The Grand Prix Final ends Saturday with the men’s and women’s free skates and free dance, all live on Peacock.

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A Winter Olympic medal still being decided, 10 months later

Fanny Smith, Daniela Maier
It's still unknown whether Fanny Smith (green) or Daniela Maier (blue) is the Olympic ski cross bronze medalist. (Getty)
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There is a second Winter Olympic medal result still in question, 10 months after the Games.

While the figure skating team event results are still unknown due to the Kamila Valiyeva case, the bronze medal in women’s ski cross is also in dispute.

Originally, Swiss Fanny Smith crossed the finish line in third place in the four-woman final at the Winter Games in February. Upon review by the International Ski Federation (FIS) jury, she was minutes later demoted to fourth place after making contact with German Daniela Maier near the end of the course. Maier, who originally was fourth, was upgraded to bronze.

“I tried to be OK with the fourth place. I was very disappointed, I have to say, [then] the jury was like this,” Maier said then. “I am really sorry for Fanny that it’s like this right now. … The jury decided like this, so accept it and be happy with the medal.”

Smith and the Swiss ski federation appealed. FIS reinstated Smith as the bronze medalist nine days after the race and six days after the Closing Ceremony. A FIS appeals commission met four times and reviewed video and written documentation for several hours before deciding that “the close proximity of the racers at that moment resulted in action that was neither intentional or avoidable.”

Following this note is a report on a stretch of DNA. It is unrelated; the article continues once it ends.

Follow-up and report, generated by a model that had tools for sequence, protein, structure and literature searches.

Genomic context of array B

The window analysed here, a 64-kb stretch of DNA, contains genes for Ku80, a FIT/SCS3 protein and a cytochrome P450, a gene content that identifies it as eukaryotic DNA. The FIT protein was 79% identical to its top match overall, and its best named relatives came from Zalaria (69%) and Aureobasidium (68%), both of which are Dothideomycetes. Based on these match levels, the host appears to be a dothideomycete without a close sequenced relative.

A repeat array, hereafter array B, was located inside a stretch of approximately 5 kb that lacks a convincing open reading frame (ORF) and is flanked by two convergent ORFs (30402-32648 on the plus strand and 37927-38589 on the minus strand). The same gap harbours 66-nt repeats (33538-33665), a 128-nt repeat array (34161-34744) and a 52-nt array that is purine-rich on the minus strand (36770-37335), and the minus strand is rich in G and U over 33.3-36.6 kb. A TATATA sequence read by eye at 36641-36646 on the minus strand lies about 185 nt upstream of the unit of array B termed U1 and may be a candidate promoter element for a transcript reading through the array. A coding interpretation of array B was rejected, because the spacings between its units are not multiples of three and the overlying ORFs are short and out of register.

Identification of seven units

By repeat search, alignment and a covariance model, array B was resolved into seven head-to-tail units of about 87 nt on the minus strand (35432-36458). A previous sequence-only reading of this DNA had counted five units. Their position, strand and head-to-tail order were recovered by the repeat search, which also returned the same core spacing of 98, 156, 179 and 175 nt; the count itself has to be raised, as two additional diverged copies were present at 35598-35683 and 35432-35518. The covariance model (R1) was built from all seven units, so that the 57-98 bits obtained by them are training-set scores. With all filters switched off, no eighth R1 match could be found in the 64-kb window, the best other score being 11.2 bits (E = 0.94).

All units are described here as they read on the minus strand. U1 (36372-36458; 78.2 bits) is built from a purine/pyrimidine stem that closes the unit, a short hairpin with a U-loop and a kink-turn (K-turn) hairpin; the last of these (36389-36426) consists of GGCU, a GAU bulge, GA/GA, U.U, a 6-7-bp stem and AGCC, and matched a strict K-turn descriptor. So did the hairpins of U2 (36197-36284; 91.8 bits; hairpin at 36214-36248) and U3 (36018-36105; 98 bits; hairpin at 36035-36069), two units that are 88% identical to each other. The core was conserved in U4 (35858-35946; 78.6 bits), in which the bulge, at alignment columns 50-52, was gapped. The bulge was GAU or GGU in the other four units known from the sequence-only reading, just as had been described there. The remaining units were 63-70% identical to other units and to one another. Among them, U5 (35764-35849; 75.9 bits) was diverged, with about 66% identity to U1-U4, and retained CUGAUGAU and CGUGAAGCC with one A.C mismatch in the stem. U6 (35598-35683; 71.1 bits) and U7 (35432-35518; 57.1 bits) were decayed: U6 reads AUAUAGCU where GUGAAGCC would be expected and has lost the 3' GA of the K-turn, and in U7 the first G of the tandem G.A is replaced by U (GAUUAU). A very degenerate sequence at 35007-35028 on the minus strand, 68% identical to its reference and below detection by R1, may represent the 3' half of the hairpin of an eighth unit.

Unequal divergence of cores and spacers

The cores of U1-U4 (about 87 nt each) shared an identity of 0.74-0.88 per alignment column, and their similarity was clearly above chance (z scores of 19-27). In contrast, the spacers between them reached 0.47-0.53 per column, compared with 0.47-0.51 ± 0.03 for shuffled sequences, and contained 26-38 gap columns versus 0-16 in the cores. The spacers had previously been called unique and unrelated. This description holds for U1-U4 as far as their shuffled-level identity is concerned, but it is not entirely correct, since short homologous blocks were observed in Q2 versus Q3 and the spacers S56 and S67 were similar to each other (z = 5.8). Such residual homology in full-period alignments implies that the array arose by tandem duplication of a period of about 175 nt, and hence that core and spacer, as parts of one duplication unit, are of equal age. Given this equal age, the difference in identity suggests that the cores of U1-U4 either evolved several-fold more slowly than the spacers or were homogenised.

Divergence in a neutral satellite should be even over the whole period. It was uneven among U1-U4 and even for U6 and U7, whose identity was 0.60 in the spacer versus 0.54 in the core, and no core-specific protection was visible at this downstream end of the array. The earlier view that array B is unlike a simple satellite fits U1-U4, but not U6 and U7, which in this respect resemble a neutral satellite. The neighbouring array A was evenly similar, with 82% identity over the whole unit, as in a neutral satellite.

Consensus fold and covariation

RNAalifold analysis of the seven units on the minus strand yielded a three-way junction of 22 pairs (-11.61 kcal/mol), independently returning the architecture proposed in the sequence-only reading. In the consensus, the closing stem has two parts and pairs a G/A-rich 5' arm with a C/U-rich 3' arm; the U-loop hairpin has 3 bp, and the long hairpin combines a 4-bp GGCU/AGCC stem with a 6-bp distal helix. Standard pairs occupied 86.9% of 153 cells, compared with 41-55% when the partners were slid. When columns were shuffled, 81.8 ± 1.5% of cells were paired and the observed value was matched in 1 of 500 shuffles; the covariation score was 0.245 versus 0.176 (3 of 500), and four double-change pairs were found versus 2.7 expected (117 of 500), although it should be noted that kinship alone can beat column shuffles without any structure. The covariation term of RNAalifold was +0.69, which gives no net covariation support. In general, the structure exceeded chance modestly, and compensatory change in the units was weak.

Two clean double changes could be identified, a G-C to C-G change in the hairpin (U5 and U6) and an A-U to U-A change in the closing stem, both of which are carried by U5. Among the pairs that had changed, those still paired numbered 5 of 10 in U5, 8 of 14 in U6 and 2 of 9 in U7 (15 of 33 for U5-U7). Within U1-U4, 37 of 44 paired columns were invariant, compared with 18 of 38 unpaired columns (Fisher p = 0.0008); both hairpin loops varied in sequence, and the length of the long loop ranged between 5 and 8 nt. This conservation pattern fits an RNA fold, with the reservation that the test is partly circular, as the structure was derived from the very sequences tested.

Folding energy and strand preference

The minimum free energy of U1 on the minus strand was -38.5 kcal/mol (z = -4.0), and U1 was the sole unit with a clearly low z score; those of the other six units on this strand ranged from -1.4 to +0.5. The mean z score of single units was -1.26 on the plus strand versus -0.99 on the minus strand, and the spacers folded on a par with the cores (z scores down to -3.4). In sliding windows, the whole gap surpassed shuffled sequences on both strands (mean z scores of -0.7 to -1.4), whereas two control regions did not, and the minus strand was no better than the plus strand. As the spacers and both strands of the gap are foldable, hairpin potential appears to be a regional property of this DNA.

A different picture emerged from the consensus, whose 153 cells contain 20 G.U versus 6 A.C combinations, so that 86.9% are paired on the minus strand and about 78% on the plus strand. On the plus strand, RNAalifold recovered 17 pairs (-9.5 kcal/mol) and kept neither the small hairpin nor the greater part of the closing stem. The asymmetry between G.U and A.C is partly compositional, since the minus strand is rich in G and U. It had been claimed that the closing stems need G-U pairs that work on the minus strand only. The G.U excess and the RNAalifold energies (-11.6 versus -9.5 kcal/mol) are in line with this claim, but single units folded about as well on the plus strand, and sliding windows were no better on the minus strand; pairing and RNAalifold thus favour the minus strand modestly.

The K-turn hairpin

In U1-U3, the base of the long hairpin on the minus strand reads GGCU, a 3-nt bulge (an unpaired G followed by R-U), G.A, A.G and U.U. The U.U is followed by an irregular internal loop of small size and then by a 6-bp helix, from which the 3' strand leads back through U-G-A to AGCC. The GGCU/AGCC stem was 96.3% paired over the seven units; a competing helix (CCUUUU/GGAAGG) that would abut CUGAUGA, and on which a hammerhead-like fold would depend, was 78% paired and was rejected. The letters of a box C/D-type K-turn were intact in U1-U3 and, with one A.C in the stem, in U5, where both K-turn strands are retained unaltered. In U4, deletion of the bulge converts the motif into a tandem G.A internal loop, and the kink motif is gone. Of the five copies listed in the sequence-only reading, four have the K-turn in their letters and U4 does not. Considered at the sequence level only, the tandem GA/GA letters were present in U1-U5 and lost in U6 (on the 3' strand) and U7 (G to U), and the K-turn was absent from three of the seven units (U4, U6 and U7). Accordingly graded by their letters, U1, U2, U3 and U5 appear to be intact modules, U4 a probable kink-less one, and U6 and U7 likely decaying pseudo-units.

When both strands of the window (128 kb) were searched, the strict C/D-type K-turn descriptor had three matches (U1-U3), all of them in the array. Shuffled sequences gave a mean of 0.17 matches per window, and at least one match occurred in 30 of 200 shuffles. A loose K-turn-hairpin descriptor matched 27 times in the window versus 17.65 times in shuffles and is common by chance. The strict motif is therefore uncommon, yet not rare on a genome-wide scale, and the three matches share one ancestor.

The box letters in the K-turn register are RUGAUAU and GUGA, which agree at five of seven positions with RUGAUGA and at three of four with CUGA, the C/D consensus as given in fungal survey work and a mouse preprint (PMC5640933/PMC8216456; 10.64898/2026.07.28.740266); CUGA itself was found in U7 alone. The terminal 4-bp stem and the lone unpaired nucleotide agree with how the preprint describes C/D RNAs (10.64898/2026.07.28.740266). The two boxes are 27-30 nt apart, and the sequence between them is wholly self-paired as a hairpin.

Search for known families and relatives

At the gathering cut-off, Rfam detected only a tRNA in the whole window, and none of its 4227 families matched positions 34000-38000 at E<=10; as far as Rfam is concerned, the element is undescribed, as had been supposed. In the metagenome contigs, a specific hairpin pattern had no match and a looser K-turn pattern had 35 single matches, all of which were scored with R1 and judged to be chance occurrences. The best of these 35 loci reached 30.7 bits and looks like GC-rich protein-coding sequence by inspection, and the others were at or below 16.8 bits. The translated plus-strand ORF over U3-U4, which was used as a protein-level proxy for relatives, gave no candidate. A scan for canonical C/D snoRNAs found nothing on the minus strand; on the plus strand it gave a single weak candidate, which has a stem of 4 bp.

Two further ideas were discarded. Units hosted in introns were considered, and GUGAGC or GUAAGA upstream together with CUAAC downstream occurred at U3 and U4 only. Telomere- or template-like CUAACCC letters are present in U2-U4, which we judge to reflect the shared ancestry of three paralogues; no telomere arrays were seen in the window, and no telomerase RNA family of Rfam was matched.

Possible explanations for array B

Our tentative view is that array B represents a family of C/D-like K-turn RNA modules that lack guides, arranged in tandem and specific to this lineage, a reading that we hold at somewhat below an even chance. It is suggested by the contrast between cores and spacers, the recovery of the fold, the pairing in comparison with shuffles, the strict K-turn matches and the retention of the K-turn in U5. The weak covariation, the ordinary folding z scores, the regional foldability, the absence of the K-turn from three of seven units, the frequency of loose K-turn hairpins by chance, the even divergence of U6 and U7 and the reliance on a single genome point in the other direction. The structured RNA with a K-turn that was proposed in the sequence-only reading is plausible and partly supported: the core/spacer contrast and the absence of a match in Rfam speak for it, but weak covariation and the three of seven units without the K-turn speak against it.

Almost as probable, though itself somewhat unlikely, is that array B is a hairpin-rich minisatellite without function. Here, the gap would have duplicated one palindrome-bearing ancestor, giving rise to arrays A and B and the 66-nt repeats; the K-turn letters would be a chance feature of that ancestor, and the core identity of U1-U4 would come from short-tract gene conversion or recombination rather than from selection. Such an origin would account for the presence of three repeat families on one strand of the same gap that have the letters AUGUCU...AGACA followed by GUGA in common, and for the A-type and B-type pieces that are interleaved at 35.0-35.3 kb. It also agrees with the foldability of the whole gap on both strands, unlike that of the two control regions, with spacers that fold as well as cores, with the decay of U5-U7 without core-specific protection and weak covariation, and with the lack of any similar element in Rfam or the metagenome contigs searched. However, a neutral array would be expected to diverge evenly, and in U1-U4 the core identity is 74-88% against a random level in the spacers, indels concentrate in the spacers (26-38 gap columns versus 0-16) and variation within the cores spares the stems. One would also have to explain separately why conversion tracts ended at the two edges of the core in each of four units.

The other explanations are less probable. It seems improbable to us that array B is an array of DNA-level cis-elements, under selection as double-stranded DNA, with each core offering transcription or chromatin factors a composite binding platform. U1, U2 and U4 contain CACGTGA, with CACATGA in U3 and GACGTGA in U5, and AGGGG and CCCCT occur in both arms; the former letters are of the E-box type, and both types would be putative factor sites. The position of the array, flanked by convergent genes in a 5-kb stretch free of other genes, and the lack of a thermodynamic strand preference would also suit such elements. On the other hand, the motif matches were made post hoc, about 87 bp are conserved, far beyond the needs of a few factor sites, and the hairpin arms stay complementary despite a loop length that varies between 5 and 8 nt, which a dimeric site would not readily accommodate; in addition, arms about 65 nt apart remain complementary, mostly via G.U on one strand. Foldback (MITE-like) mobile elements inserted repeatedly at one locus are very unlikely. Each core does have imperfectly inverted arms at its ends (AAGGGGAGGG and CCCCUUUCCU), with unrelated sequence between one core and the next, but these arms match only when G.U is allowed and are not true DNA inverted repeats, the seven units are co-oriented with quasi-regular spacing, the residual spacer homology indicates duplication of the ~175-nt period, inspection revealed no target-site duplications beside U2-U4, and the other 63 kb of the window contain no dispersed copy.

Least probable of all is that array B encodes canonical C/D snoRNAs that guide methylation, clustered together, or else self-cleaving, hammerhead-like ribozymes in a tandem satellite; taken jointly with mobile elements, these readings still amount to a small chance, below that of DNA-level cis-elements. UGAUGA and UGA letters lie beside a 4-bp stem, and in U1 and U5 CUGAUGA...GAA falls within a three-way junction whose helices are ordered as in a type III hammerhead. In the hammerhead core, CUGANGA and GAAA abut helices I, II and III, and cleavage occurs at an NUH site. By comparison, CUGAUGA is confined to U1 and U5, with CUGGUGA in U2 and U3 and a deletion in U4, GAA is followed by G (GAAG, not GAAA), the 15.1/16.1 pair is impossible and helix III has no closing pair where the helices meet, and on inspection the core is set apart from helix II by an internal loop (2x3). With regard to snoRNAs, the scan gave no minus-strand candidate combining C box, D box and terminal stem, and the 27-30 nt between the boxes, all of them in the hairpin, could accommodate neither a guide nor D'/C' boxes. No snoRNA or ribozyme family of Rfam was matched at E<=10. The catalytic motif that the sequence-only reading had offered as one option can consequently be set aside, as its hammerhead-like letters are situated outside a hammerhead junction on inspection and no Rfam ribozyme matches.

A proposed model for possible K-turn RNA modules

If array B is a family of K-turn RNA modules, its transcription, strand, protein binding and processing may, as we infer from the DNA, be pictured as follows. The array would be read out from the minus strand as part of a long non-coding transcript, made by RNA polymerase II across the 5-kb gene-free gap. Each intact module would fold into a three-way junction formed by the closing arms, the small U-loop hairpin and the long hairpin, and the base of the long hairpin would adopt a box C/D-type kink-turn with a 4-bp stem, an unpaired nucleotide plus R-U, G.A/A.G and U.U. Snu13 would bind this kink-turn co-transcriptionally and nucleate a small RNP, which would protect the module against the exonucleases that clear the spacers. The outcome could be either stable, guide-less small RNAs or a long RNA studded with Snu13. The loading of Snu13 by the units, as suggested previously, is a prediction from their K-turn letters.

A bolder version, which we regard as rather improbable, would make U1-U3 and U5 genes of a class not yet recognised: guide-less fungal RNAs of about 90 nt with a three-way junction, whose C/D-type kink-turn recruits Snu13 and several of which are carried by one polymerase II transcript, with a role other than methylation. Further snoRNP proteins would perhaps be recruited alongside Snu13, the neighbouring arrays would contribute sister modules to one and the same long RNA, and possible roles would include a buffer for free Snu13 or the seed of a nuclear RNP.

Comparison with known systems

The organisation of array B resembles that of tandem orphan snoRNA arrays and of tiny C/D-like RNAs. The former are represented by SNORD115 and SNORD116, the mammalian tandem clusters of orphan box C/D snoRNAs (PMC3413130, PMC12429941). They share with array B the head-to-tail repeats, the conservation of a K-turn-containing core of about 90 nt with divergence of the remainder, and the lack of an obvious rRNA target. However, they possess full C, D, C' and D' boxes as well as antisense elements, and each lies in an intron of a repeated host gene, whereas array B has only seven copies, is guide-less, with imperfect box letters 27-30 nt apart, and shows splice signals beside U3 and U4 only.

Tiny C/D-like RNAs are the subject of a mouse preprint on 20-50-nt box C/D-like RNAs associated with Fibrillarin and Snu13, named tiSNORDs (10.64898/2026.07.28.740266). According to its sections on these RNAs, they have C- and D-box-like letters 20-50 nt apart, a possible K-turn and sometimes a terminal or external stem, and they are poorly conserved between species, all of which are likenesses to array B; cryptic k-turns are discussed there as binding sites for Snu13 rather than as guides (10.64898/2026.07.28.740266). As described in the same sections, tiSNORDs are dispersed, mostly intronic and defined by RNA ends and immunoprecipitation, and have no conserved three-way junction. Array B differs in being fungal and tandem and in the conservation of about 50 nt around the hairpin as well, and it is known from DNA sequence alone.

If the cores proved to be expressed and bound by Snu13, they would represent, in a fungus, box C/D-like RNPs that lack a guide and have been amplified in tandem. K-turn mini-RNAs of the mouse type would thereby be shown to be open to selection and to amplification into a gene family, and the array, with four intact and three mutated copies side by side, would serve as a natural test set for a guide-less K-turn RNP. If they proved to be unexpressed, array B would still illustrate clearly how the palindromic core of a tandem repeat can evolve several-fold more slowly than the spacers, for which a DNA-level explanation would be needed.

But that wasn’t the end. The case ended up reportedly going to the Court of Arbitration for Sport (CAS), whose rulings are usually accepted as final. The CAS process is ongoing, European media reported this week.

CAS has not responded to a request for comment. A FIS contact said Friday, “There is currently no update to provide in regards to the bronze medal in ski cross. Should there be any update, we will inform you.”

Smith said there should be news soon regarding the case, according to Blick.

Maier still has the bronze medal at her home and enjoys looking at it, according to German media, which also reported that the German ski federation expects Maier to win the case and keep the medal. Smith and Maier spoke extensively about it in recent training sessions and cleared things up. Maier said the best outcome would be bronze medals for both of them, according to the report.

For now, FIS lists Smith as the bronze medalist. The IOC lists Maier as the bronze medalist.